If you adopt ethically, there is little possibility of that. If you are seeking a just born infant, then yes, some mothers do decide that they do not want to adopt out their child upon delivery. If you adopt through foster care, then you would be able to choose your 'risk level'. Some children will already have their parents' rights terminated. These children range in age, but most will be older--at least toddlers--since in most states the natural parents are given at least 15 months to correct the problems in their home. If you so choose, you can request that any child you take in already has their parents' rights terminated. Expect that, again, this child will be at least a toddler AND that you will wait a little longer, as there are many adoptive parents that choose this route and not a whole lot of children in the system who already have been released legally from both parents. Foster care adoption ONLY takes place when there is a HIGH probability that the parents will not change their home life/behavior, or they have done something that cannot be 'fixed' andthe child would be in danger by living in that home. Once a child has been referred to the adoption section of foster care, it is VERY likely that they will not be returned to their natural parents....but it is always a small risk....the parent could suddenly get on board. There is a term for the few parents who do this...suddenly getting involved when the child is up for adoption/termination of rights. Generally, this is a short lived effort on their part, but a small few do genuinely change for the better.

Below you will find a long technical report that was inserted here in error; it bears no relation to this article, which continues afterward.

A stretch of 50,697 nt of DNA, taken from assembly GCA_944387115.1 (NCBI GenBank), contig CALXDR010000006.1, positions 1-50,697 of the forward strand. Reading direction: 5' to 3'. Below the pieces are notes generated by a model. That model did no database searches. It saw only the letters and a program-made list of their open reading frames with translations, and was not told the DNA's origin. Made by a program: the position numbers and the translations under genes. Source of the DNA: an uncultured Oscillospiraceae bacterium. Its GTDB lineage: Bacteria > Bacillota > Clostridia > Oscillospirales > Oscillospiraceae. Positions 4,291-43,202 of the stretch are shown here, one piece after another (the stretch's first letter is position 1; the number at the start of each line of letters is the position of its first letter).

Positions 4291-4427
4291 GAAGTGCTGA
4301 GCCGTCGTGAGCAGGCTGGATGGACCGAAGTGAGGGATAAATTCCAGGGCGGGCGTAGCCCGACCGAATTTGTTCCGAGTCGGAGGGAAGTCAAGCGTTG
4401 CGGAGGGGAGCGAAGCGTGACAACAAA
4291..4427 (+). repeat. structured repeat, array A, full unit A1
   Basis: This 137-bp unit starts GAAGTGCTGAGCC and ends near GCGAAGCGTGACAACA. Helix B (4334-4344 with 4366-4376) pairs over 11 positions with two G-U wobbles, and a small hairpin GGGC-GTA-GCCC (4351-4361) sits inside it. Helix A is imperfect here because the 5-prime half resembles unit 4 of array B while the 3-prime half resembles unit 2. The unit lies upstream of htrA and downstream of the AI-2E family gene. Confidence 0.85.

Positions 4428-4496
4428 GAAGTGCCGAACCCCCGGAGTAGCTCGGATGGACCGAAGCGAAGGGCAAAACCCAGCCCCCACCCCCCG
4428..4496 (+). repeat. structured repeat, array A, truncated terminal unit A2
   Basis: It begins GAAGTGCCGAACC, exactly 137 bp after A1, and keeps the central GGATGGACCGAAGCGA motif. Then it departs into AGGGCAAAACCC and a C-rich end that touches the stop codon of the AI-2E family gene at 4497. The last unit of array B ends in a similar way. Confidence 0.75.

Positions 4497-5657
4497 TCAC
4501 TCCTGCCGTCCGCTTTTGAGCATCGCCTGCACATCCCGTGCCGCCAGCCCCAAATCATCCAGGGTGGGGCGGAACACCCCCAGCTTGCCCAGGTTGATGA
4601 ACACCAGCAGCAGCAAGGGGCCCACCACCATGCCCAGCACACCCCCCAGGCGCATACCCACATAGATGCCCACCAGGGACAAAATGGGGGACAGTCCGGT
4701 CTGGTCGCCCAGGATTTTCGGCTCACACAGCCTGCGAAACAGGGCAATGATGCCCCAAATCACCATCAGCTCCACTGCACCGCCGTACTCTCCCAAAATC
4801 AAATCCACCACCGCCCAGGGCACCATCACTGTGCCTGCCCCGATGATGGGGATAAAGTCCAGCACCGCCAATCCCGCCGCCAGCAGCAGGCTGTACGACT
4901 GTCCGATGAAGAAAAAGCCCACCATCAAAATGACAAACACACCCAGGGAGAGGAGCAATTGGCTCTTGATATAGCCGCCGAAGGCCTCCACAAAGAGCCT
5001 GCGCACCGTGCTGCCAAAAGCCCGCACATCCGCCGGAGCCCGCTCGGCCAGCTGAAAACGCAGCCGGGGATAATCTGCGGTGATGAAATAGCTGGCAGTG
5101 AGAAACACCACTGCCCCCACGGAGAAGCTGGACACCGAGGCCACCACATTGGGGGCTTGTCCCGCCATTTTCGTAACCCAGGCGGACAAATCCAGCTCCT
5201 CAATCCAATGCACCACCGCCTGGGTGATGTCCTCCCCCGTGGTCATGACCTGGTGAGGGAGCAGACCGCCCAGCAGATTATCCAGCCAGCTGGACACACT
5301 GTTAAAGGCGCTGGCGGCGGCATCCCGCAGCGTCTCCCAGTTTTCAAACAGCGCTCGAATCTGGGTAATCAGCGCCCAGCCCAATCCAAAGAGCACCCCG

Foster care adoption is free or nearly free, and once you adopt....once the parents rights are terminated, no, they cannot get their child back. Someone mentioned 'closed adoption' in their answer. That has NOTHING to do with rights to a child. Open adoption is always better for the child--if there has been no abuse. Closed adoptions simply mean that you share no pictures, updates, or any other mention with the natural parents. I HIGHLYsuggest that you always strive for an open adoption.
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